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On Beckett

Theatre Review by David Hurst - October 4, 2018

Finn O'Sullivan and Bill Irwin
Photo by Carol Rosegg

If your reaction to the news the Irish Rep's season opener is a new piece exploring the works of Samuel Beckett is one of trepidation, be not afraid. Though your fear is certainly understandable, rest assured you're in good hands with On Beckett, Bill Irwin's thoroughly enjoyable new show about his intensely personal relationship with Beckett's writing. And at a tight 90-minutes it's just the right length, allowing audiences the time to immerse themselves in Beckett's existentialist musings without becoming mentally overloaded by his syntax and subtext.

It turns out Irwin is the ideal tour guide for a condensed introduction to this Irish writer who wrote almost exclusively in French. Irwin's had a lifelong obsession with Beckett's writings and his insights into and fascination with his unique language are infectious. As many of you know, Irwin is a clown who distills and interprets everything he does through a clown's eyes. This comes in handy for Beckett's absurdist ramblings that veer back and forth between vaudeville and stark realism. A Tony-winner for his clowning (Fool Moon) as well as his dramatic acting (Who's Afraid of Virginia Woolf), Irwin gives a master class in both performing and interpreting Beckett that young actors and lovers of literature won't want to miss.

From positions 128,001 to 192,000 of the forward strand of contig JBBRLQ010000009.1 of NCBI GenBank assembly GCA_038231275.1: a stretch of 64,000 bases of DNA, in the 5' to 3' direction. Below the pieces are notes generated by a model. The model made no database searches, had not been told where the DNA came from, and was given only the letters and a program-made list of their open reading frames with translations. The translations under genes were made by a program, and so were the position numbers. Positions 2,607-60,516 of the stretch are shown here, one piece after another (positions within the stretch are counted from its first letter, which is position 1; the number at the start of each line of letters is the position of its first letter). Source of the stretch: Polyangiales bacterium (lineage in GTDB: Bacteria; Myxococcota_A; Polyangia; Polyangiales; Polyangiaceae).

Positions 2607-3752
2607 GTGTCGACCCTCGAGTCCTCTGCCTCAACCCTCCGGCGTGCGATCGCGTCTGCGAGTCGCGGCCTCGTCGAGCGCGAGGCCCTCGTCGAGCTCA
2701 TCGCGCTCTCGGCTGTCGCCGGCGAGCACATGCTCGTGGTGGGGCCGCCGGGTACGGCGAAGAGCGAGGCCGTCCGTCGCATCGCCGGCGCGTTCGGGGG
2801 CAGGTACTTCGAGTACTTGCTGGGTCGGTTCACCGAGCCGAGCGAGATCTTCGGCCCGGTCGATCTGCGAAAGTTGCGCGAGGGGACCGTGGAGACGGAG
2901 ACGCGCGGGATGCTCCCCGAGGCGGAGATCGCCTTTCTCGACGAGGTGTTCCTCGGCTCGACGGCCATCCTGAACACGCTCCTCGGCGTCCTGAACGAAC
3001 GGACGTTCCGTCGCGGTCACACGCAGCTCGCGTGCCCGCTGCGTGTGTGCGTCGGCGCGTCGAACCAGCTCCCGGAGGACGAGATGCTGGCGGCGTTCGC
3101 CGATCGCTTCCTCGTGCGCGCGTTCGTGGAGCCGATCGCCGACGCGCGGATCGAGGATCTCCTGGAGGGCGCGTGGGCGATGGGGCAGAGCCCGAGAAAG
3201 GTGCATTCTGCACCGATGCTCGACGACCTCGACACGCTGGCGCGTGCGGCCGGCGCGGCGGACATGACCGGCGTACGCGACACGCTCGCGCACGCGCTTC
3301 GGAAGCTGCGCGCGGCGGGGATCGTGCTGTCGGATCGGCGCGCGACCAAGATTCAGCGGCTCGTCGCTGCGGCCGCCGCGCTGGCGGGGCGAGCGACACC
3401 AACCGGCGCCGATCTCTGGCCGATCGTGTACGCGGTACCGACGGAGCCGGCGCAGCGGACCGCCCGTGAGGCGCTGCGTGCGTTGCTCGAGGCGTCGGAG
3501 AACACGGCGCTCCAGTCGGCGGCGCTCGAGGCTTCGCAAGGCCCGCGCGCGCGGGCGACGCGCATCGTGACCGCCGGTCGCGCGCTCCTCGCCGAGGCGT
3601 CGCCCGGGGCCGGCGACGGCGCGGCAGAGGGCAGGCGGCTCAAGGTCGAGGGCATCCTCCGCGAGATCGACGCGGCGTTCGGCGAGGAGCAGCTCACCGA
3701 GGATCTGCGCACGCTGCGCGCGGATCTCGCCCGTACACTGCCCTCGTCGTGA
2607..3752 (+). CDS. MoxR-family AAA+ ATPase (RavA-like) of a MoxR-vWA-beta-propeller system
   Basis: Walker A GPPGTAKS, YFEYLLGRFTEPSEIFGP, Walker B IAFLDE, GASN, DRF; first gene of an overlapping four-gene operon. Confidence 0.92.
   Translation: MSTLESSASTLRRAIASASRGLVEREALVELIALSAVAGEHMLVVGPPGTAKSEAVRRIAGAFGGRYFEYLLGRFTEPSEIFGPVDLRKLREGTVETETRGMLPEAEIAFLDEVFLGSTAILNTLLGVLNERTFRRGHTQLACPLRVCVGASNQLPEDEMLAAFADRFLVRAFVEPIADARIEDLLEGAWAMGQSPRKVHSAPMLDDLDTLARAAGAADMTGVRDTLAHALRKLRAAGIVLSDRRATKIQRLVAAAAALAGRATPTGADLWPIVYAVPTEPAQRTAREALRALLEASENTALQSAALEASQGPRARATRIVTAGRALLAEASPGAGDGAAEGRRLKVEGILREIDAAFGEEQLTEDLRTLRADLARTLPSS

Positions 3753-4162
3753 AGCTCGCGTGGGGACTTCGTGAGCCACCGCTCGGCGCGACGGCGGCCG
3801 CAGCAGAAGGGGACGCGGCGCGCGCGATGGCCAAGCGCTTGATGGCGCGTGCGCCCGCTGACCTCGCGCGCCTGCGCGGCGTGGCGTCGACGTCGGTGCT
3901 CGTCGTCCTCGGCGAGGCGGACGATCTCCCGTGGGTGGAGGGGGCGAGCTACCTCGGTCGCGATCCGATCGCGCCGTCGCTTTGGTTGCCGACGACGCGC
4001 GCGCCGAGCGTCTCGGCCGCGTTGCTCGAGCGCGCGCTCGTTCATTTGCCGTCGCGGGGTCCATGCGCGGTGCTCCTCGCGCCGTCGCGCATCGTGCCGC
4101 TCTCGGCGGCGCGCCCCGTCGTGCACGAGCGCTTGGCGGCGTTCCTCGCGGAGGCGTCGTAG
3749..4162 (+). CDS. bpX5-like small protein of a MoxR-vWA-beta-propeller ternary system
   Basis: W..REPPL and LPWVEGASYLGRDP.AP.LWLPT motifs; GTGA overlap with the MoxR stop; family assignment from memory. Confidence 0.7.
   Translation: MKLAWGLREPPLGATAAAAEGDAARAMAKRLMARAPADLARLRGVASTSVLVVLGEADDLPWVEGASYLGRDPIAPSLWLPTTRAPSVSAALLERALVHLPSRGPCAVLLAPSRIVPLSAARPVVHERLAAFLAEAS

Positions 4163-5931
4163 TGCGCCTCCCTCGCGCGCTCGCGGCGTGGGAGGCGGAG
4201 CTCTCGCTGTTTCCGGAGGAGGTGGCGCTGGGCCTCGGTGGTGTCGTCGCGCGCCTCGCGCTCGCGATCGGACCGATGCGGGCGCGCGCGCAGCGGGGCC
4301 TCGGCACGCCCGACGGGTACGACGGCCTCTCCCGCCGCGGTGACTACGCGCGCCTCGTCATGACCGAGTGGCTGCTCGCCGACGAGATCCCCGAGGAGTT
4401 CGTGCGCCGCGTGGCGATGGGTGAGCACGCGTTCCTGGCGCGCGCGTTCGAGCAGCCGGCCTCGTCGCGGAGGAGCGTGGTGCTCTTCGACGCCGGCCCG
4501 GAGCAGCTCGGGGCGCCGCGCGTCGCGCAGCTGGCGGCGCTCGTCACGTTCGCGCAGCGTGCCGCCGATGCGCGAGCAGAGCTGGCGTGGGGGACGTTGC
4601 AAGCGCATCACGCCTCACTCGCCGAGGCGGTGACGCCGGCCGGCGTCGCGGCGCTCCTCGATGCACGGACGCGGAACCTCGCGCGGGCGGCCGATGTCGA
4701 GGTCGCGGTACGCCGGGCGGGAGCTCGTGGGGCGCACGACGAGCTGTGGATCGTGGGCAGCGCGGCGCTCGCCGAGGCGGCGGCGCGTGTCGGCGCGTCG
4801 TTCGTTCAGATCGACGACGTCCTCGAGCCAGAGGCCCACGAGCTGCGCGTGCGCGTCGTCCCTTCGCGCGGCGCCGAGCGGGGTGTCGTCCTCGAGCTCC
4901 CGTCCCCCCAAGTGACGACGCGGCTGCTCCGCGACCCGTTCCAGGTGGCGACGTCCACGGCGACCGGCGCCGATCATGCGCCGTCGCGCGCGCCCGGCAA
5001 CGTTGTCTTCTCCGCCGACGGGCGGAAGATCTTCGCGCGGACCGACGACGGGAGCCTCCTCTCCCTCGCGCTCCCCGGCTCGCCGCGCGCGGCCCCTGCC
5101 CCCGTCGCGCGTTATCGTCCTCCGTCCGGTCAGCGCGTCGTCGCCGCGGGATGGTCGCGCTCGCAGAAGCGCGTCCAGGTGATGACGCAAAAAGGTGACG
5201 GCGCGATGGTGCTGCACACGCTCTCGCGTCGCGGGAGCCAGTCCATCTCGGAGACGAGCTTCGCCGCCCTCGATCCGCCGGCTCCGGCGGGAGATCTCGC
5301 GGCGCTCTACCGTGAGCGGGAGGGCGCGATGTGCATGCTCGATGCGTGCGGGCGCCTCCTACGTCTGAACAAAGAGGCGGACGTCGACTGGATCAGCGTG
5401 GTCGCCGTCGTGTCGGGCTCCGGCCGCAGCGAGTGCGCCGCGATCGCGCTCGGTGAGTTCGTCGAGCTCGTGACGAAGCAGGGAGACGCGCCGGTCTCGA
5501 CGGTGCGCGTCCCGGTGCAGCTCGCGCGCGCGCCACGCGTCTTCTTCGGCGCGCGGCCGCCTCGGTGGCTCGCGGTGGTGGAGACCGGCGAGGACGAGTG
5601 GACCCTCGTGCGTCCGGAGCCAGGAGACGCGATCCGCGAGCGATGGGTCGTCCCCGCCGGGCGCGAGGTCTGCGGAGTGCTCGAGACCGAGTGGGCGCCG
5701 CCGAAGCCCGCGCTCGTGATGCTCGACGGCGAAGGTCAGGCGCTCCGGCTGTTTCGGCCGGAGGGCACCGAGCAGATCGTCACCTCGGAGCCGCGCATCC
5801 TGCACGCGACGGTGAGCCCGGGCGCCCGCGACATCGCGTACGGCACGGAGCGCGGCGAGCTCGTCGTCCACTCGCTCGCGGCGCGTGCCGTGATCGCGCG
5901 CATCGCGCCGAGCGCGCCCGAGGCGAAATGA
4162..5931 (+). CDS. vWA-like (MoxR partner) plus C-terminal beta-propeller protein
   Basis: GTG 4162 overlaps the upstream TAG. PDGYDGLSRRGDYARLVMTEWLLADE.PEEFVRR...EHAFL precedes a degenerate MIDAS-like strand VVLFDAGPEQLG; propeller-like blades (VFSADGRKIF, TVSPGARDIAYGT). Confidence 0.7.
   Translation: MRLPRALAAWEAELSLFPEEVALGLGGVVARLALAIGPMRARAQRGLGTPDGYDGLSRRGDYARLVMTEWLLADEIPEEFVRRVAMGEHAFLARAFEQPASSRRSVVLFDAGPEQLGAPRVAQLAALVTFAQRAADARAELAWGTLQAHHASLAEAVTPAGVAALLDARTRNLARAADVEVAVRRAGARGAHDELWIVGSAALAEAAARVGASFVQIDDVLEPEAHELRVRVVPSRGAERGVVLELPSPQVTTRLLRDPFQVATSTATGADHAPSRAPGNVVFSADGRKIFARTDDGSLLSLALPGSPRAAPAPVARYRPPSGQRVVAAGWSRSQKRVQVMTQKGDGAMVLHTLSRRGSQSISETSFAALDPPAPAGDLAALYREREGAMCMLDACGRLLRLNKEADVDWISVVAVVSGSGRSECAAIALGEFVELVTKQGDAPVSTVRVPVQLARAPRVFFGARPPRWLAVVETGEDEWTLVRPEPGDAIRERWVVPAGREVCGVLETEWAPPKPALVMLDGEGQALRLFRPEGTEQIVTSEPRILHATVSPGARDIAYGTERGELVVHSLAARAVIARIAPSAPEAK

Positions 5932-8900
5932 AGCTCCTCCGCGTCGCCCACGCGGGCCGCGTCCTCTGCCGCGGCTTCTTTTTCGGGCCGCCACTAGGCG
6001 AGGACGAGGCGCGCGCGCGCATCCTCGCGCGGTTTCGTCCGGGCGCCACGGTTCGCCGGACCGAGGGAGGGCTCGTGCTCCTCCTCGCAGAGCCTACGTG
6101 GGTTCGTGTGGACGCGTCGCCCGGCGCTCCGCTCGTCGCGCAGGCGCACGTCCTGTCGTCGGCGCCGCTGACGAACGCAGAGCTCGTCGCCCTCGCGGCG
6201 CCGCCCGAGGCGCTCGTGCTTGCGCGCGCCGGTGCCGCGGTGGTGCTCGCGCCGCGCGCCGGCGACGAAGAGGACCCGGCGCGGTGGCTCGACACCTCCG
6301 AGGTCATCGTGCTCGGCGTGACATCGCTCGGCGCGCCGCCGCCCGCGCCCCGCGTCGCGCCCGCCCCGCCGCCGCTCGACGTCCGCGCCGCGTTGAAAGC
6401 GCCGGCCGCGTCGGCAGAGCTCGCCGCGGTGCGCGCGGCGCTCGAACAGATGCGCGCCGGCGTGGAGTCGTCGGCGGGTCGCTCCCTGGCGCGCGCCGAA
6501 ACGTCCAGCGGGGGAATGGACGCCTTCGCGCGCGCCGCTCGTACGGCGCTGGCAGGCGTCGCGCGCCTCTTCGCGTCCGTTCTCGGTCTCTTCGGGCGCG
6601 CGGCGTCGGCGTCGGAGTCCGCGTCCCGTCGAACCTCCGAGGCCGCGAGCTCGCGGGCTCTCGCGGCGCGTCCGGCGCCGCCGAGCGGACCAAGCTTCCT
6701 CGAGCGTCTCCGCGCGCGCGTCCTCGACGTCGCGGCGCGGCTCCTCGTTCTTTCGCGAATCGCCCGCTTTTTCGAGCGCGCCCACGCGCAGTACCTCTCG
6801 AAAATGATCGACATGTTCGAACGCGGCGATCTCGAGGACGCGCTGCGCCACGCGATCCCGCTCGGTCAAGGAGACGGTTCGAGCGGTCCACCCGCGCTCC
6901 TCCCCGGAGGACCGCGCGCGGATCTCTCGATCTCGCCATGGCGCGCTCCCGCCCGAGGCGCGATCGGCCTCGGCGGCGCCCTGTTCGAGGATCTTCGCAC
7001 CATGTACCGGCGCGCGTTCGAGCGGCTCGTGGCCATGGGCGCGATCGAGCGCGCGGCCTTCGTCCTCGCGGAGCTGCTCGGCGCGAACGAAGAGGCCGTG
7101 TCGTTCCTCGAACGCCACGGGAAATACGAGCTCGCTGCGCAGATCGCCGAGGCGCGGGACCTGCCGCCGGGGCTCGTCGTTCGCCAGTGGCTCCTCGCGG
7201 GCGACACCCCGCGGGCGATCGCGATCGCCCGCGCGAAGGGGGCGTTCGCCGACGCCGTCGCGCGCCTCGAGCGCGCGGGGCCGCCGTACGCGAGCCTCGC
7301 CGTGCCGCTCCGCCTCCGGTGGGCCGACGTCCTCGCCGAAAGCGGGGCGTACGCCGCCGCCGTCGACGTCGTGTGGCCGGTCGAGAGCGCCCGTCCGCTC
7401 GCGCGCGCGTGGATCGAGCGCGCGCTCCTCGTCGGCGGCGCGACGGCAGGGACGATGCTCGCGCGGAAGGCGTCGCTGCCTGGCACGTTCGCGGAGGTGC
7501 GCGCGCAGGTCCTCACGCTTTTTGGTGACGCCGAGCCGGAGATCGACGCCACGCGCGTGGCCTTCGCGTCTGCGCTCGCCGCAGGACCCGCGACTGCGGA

Irwin has also chosen the pieces in On Beckett carefully, including three of the prose pieces in Texts For Nothing, the novels The Unnamable and Watt, and Beckett's masterwork, Waiting For Godot, in which Irwin explains the controversy regarding the pronunciation of Godot for the uninitiated. His performances of these selections are riveting, but Irwin's genius, and much of the success of On Beckett, is the way he introduces each piece to the audience, as well as his recap after the selection is concluded. He demystifies what remains mysterious, yet you feel Irwin has opened a window into something that was previously unapproachable. Cleverly, Irwin has enlisted a young, junior high school student, Finn O'Sullivan, to join him for several passages from Waiting For Godot, a play Irwin has done many times including productions with Steve Martin and Robin Williams at Lincoln Center in1988, as well as the recent Roundabout revival with Nathan Lane in 2009. For his part, O'Sullivan is a wide-eyed, open-faced boy who embodies youthful enthusiasm and fearless intrepidness. When he confesses to Irwin that he hopes to someday be an actor, Irwin's embrace of him, and the smile that spreads across his face, brings the evening full circle in a way Beckett would have undoubtedly enjoyed.

On Beckett
Through November 4
The Irish Repertory Theatre, 132 West 22nd Street
Tickets online and current Performance Schedule: OvationTix

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